May 2, 2008, 12:00 AM

Safety Payoff

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Watching for unusual activity. Online merchants should monitor trends in sales and shipping patterns-for example, unusual spikes in sales, requests to ship products to unusual destinations, or requests for multiples of the same high-ticket items, such as an order for five identical high-end sound systems. The most diligent companies keep track of all data associated with all orders and employ advanced modeling to find things that fall outside their typical sales patterns, such as unusual order sizes, and to track historical patterns of fraud. In this way they have a much higher probability of identifying fraudulent orders.

Considering advanced solutions. Retailers should also consider more advanced approaches, particularly merchants that ship products internationally. For example, some risk management providers offer retailers Internet geolocation solutions that give them greater information about a buyer’s ISP, computer set-up, and physical location-country, state and city-at the time of order. Someone trying to make an online purchase from Germany with a credit card whose actual owner’s address is in southern California, for example, might set off an alert that would inform the merchant that this transaction has a higher potential for fraud. The merchant could then decide (either manually or, more likely, through an automated system) whether to request additional information to verify identity, or to cancel the transaction.

Retailers should also consider tracking IP addresses to look for one-to-many relationships between names and the IP addresses. Multiple names tagged to the same IP address should raise flags. Retailers can check this by installing risk management software or working through a third-party provider.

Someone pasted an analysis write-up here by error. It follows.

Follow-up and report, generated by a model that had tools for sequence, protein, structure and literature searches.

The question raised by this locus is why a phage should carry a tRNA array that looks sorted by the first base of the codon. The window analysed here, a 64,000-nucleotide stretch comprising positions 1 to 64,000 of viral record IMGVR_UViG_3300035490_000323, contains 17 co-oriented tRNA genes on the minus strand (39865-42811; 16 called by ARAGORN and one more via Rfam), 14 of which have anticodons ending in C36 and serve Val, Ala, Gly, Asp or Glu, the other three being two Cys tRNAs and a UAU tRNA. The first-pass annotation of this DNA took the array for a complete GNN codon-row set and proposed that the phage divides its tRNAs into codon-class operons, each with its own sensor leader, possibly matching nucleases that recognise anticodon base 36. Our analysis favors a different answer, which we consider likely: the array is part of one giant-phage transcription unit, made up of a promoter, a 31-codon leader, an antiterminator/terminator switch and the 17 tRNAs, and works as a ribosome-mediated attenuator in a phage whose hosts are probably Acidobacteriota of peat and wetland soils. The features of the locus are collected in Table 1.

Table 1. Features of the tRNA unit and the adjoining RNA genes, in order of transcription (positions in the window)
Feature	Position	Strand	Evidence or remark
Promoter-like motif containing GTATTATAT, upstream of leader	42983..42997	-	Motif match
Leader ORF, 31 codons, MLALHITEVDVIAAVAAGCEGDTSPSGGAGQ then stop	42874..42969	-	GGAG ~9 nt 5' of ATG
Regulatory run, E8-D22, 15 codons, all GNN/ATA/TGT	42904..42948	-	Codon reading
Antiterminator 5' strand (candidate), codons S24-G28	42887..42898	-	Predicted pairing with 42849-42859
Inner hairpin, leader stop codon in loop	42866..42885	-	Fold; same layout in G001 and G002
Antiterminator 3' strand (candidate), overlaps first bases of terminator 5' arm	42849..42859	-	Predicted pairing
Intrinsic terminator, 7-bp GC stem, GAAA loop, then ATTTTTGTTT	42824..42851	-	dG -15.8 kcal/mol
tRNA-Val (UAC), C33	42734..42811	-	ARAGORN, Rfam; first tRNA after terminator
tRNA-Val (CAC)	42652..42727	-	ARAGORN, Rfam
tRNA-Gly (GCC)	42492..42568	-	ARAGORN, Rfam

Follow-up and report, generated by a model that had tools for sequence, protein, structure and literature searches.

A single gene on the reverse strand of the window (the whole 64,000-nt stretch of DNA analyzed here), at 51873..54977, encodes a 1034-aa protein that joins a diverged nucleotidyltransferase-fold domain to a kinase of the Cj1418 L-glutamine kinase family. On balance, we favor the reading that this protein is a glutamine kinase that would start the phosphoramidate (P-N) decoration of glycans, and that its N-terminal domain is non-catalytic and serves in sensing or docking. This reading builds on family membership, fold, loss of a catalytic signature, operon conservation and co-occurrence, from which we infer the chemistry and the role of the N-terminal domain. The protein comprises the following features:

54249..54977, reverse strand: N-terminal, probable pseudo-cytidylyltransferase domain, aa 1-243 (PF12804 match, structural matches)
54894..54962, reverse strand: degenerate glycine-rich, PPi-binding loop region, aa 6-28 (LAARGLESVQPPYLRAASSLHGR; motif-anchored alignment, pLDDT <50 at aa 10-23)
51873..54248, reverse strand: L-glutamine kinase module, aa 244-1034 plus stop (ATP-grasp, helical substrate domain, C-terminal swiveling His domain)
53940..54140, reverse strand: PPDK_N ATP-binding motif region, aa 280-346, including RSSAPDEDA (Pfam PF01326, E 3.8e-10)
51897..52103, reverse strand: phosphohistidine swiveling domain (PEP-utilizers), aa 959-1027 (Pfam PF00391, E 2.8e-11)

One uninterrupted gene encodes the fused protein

Common sense

In addition to identifying fraudulent purchases, e-retailers need to vigorously guard customer data, not only to protect customers but also to defend themselves from losses and liabilities that might arise from a security breach.

The best way for online retailers to safeguard customers’ data is by staying in compliance with the Payment Card Industry Data Security Standard, or PCI DSS, a set of requirements for enhancing payment account data security. Developed by the founding payment brands of the PCI Security Standards Council, including Discover Financial Services, MasterCard, Visa and American Express, the data security standard is designed to help organizations proactively protect customer account data. The standard includes requirements for security management, policies, procedures, network architecture, software design and other critical protective measures.

PCI requirements are not meant to be taken a la carte, but should be adopted as a whole. However, if there is one piece of advice to take away from the standards and from this article, it is this: Never store sensitive authentication data. Failure to follow this rule consistently has led to many of the largest cases of payment fraud.

How difficult is it to deploy and get into compliance with PCI requirements? The answer will depend on the business and its current IT set-up, infrastructure, etc. Retailers should consider obtaining the advice and guidance of a certified quality service assessor, a list of which is available at

When it comes to the fight against fraud, there is no substitute for common sense and a healthy dose of caution. These two attributes, combined with the measures described above employed on a consistent basis, can go a long way toward protecting your company and customers from being victims of online payment fraud.

Rob Tourt is vice president of network services for Discover Financial Services. He can be reached at


Some basic must-haves

To keep up with best practices, e-retailers should consider joining the Merchant Risk Council, an organization dedicated to preventing online fraud and promoting e-commerce. The Council offers a checklist of fraud-prevention suggestions, including:

  • Design a retail web site to default to the highest SSL encryption supported by a customer’s browser
  • Certify online shopping carts to industry best practices
  • Avoid the storage of any credit card account data on servers connected to the Internet
  • Scan web servers for security vulnerabilities at least every 90 days
  • Update virus protection at least every 30 days.
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